I try to focus on what matters to get work done, so I can get work done with less effort and faster. Anything that gets hinders more than helps my efforts falls out of use. BTW, if you are not familiar with these products, many are mentioned and linked on my Recommended Apps page. You can also check out MacUpdate.com and see the trove of software — most at least decent — that they list. They are good guys, so if you see errors, write them and be nice please. They will get back to you if needed with a personally written reply, which is always worth a star in my book. “When I was a kid several days of Mac SW updates could fit on one page… now several pages might span one day.”

Thanks for reading.

Almost Everything I learned about Teamwork and Leadership, I Learned in Clan Lord

I’ve been threatening to write this post for about a year. I had this sitting on the back-burner for a month and asked for comments from another player also in the IT Admin field. So, without further ado…

Despite the Graphics, CL has real team-building potential

Despite the Graphics, CL has real team-building potential

For the unwashed, Clan Lord is an archaic, sorely out-of-date Multi-player Online Role-playing Game  (MORPG) that has been running since the late 90s. The single world (server) and small population make it feel like a small town, thus all of the current players have the same goal (job). Thus, like any small group with common goals, it is a bit like a company: You have your people in it who are on the ball because they work well in teams and independently, those that only work in teams because they need direction, those that lead group of people in a direction, those that specialize in a subset of knowledge about the terrain (market or technology) all of whom trade their time and risk profit (experience) to advance, and finally those that just show up to have fun. These flyby ‘fun’ people are equivalent to the people who just show up for a paycheck. In the game, one seemingly minor mistake can lead to the death of the entire group.  This necessitates departing (experience and time loss) which is a bit like working on a project  and having it fail miserable because Joe Paycheck didn’t know or care that you shouldn’t have done X.

Considering the parallels I noticed about the in game group and the group of people you work with  day-to-day, I have found several commonalities that I have taken from work to game and from game to work that have helped me navigate real life teamwork, leadership and relationships.

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This Week, Last Week, Next Week…

Excuse any typos, but this is a seat of my pants post… I finished up one job last week, which led to time to refactor this proof of concept class while revising other work. Exterior demoes of these proofs get reactions akin to saying, “Wow!” But I feel like Oz, saying “pay no attention to the duct tape and zip ties holding up the curtain!”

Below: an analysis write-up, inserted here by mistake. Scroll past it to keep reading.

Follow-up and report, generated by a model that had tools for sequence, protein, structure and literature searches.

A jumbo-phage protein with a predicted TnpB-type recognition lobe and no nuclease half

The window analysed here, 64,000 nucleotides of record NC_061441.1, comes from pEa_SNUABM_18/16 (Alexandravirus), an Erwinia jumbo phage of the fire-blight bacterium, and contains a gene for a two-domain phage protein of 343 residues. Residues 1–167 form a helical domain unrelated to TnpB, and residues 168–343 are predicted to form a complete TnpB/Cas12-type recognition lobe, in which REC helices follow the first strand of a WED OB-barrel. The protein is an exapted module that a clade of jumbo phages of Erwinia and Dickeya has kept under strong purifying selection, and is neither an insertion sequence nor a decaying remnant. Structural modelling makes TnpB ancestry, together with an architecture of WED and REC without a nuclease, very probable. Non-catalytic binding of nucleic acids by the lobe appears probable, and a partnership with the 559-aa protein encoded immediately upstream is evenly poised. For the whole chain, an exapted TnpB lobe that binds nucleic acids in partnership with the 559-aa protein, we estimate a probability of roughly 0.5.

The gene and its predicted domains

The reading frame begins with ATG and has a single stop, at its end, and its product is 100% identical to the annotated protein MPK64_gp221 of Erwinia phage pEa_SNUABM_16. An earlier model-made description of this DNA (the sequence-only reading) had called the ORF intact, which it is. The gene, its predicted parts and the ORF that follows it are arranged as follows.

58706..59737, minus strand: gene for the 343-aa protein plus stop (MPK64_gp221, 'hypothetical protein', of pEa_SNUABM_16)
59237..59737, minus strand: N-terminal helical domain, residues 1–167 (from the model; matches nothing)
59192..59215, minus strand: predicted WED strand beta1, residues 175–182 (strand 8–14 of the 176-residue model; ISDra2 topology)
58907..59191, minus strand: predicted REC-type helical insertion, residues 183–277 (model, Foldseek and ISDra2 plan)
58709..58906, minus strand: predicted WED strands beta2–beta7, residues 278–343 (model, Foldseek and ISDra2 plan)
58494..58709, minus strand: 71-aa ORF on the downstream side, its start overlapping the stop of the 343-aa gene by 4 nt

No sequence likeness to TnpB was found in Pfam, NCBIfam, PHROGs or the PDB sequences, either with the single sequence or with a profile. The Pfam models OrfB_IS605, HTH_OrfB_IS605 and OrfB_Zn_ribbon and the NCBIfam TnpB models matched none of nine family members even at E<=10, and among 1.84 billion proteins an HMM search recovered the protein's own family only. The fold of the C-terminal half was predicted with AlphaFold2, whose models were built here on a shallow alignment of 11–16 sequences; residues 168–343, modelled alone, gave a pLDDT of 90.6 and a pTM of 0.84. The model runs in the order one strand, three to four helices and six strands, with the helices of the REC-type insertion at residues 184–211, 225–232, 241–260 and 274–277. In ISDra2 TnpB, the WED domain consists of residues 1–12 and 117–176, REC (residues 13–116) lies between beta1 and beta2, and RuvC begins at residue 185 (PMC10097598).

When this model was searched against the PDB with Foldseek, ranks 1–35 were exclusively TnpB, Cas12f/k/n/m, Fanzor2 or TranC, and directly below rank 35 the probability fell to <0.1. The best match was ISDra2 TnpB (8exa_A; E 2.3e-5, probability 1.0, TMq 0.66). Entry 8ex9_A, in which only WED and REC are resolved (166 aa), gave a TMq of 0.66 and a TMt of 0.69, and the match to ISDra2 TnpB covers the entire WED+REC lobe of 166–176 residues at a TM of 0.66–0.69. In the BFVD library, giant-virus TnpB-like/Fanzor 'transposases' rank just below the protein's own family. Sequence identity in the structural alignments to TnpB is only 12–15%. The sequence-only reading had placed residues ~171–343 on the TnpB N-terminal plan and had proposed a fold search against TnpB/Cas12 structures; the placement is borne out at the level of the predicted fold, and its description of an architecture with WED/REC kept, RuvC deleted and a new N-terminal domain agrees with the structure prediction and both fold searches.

When I say “proof of concept” I usually mean, if you look at the underlying code you realize the magic is in the amount of code smell (aka Bad Practices used) — which happens when I just sit down with an idea and just write something that works and best practices aren’t at the forefront. An analogy of this would be an artist sketching a picture quickly to just practice the art and exercise their perception-hand-eye-coordination. Another dev would see this stream-of-consciousness sketch-style coding, and think “that’s crap!” because trying to modify it would be a huge pain. And I couldn’t disagree, because modifying would be a huge job in comparison to writing new code.

However, It is times like these I like to reread this: http://stilldrinking.org/programming-sucks to remind myself that when I mentioned how I hate working with “crappy” code or incomplete documentation. 

Any time I do toss a stone at some crappy code, I get some snarky “this is where the magic happens” comeback, and sometimes even that venn diagram showing my comfort zone outside it. Yeah, guys… I get it. I realize that we are all guilty of it because of workload or time constraints — no one is perfect. There is only so much one can do in one session, even if that session is a solid 13 hours (which I have done before). So, I can either throw stones or TRY to develop better sketch practices with each sketch. This is what I have been doing the past week. I will write a class with comments, DI, patterns, etc. Then look back and see where the comments/structure broke down or when things got vague or messier. Things are improving, but they aren’t where I would like them to be.

But, does it really matter if my on-the-fly code is written poorly as long as it doesn’t crash? Probably not to anyone that might use it, but oddly I can’t get a voice out of my head that says this is wrong. If I want to see better examples from others, I should practice what I preach, and only release the refactored stuff, and things that don’t set off any code reflection warnings. Last week I only had the energy to write 3 base classes, each one had at least 2 or 3 code smell warnings. This week I refactored and got fewer warnings, but then the limits of the docs smacked me in the face, and things broke. I suppose this is part of the growing pains of learning how to use new tools. And then I bang on the problem until I either revert to a smell-but-working version or figure out what the documentation meant. This is when I re-read this: http://stilldrinking.org/programming-sucks so I don’t feel so bad about why I am not getting it.